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Amazon debuted a long list of products today. Here are 3 standouts

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Amazon introduced several new products on Thursday, ranging from upgraded versions of its flagship Echo Internet-connected speakers to an indoor surveillance drone.

The online retail giant’s unveilings on Thursday underscores Amazon’s self-described “ambient home” strategy. It’s another way of describing the “smart home,” in which household appliances and home entertainment equipment are wirelessly tethered together via the Internet.

For technology giants like Amazon and Google, it’s a potentially lucrative market. In addition to selling the devices themselves, the companies collect data about how people use the devices and what they do in their homes. That information is a marketer’s gold mine that could help the companies better target customers with ads or suggest products they’re likelier to buy. It can also help the companies decide which new services to offer, like music or game streaming.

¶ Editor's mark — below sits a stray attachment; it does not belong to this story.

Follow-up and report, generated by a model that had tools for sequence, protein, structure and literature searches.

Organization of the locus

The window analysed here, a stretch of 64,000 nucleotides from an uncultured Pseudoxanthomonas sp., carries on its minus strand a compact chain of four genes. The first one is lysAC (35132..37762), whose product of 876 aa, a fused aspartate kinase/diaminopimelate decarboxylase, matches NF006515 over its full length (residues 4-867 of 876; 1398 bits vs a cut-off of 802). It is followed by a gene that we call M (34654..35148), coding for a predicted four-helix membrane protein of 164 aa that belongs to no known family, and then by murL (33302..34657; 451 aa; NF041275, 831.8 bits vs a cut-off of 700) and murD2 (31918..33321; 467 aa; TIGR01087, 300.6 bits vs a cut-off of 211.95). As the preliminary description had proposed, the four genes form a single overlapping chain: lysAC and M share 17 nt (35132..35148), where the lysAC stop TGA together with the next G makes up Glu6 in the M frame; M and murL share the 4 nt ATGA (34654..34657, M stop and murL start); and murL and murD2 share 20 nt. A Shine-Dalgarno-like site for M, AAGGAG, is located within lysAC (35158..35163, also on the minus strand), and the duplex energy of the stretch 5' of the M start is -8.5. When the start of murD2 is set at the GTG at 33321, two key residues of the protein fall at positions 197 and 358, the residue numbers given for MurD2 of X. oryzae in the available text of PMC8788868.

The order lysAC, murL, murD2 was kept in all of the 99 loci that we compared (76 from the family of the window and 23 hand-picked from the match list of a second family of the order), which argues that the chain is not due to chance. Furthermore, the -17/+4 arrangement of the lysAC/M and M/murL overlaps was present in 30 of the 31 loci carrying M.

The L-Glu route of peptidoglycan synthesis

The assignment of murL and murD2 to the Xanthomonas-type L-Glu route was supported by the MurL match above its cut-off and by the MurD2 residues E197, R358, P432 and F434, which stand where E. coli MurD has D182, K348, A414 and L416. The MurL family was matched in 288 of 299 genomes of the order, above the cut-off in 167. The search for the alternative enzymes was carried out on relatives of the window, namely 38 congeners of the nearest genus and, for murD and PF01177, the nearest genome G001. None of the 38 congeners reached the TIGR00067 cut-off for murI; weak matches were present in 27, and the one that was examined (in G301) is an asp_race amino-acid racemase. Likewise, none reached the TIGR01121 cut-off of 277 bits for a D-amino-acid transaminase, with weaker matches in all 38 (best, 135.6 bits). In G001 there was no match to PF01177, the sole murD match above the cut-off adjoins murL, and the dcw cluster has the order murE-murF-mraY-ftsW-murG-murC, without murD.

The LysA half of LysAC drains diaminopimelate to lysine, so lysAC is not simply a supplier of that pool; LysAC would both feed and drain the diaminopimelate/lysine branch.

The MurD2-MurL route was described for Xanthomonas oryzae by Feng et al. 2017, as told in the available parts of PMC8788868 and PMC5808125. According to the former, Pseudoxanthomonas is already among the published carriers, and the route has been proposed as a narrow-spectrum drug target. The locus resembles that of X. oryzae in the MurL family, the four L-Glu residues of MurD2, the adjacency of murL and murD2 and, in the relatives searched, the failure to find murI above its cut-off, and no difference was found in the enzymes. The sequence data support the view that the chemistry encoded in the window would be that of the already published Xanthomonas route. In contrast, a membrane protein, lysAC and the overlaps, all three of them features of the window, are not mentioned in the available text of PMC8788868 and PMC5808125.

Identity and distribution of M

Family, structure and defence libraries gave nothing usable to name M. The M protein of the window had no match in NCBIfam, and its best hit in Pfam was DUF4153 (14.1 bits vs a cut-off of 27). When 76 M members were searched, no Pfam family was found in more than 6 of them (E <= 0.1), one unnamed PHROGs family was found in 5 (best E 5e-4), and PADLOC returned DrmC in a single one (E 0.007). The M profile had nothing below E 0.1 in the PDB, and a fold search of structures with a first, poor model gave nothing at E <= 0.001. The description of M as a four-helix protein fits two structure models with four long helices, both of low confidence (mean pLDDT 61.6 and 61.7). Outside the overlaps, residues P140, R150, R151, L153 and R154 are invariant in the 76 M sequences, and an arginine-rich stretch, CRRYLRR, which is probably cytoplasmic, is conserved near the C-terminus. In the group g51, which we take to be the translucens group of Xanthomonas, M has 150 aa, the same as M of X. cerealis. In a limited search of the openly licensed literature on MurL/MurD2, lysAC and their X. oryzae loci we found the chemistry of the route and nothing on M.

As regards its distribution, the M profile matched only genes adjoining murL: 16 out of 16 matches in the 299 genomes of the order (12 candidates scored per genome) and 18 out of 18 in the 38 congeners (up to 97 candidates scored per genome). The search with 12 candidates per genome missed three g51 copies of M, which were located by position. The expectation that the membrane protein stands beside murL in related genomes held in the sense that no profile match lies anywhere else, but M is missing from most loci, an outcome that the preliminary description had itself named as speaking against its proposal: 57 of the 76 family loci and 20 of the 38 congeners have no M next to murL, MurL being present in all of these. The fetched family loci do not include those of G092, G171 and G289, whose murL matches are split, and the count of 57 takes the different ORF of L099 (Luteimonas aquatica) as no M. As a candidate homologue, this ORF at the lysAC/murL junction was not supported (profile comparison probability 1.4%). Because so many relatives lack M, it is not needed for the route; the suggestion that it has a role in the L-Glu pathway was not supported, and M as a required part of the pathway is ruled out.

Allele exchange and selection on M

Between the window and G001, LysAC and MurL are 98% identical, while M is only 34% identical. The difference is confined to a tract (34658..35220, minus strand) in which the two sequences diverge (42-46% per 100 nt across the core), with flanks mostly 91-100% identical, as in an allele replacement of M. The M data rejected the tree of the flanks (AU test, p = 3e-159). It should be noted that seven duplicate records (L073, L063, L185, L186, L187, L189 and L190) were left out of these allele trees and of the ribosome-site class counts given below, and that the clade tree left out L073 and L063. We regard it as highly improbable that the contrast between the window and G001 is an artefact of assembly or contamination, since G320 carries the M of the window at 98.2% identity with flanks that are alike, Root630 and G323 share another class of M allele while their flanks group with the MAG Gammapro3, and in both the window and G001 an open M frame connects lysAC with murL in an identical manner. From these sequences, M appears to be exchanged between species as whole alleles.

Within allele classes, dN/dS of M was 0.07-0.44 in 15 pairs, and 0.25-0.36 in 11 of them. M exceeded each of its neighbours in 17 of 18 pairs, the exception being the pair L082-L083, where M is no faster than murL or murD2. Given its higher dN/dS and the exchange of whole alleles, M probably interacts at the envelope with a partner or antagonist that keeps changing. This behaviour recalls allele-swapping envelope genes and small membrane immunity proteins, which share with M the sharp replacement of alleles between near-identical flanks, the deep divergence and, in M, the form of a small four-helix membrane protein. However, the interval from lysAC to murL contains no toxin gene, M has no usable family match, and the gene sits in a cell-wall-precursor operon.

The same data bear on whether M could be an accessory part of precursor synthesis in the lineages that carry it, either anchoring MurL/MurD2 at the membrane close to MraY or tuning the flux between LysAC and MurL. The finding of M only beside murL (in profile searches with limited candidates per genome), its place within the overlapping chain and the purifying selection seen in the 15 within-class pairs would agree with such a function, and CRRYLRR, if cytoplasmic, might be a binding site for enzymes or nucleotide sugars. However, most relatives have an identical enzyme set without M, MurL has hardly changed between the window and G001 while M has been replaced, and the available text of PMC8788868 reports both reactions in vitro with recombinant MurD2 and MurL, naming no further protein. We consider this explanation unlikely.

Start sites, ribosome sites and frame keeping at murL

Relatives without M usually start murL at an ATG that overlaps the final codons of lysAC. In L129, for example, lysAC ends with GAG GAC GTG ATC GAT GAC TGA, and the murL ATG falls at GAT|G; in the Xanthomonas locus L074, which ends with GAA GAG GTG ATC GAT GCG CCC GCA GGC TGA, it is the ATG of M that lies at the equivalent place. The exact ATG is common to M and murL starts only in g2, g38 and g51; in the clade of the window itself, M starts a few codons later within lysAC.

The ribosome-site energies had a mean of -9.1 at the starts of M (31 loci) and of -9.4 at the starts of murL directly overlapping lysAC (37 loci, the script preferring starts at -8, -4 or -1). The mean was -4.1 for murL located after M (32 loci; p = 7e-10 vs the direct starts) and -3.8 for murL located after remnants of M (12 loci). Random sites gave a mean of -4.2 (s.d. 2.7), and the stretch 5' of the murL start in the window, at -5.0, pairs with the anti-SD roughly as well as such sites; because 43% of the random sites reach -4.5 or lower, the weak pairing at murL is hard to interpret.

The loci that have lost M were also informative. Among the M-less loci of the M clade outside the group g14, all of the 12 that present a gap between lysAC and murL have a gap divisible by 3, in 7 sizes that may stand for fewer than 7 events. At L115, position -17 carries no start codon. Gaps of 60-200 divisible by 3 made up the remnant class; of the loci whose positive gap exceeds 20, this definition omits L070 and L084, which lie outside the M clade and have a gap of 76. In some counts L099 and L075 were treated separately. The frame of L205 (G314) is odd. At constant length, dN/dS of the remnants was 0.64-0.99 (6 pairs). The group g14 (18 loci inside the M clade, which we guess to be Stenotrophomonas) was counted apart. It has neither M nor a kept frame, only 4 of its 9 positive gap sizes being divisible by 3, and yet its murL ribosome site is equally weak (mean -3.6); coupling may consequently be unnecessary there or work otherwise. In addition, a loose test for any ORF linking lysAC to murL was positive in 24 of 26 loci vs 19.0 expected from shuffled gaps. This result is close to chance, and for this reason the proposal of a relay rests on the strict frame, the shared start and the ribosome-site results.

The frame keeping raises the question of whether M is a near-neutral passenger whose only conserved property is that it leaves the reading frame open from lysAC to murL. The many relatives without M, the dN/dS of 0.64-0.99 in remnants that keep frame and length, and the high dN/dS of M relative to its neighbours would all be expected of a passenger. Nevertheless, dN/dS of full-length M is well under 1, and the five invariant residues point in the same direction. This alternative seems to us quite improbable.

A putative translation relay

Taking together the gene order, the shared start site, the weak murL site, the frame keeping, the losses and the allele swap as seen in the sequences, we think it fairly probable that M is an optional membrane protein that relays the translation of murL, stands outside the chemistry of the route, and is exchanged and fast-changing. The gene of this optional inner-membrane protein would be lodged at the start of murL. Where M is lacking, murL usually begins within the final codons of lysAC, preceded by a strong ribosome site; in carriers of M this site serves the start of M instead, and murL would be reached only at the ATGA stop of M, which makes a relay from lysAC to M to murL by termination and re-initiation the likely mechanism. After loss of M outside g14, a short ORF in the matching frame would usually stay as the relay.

“The home has always been important, but perhaps it’s never been as important until this COVID crisis,” Amazon senior vice president of Alexa Tom Taylor told Fortune.

At the center of Amazon’s smart home strategy are voice technologies, exemplified by the Alexa voice assistant. Amazon wants customers to control their homes merely by using their voices, including by using  voice-technologies from competitors like Spotify, Facebook, and Garmin.

Increasingly, Amazon is introducing features other than voice-technologies to make more compelling smart-home gear. For instance, Taylor highlighted a new Echo Show video conferencing device that can move around a table to follow people while they talk. Amazon says it makes for more natural online conversations because people don’t have to sit still.

Here are some other products Amazon debuted.

Amazon’s new surveillance drone

Amazon’s new Ring Always Home Cam is a camera-equipped drone that flies inside homes, like a security camera with propellers. 

The company pitched the drone, which costs $250 and will ship sometime next year, as a way for people to see what’s happening everywhere in their homes without having to buy and install several surveillance cameras.

In effort to reduce privacy concerns, Amazon said the drone’s cameras will only record when flying. Additionall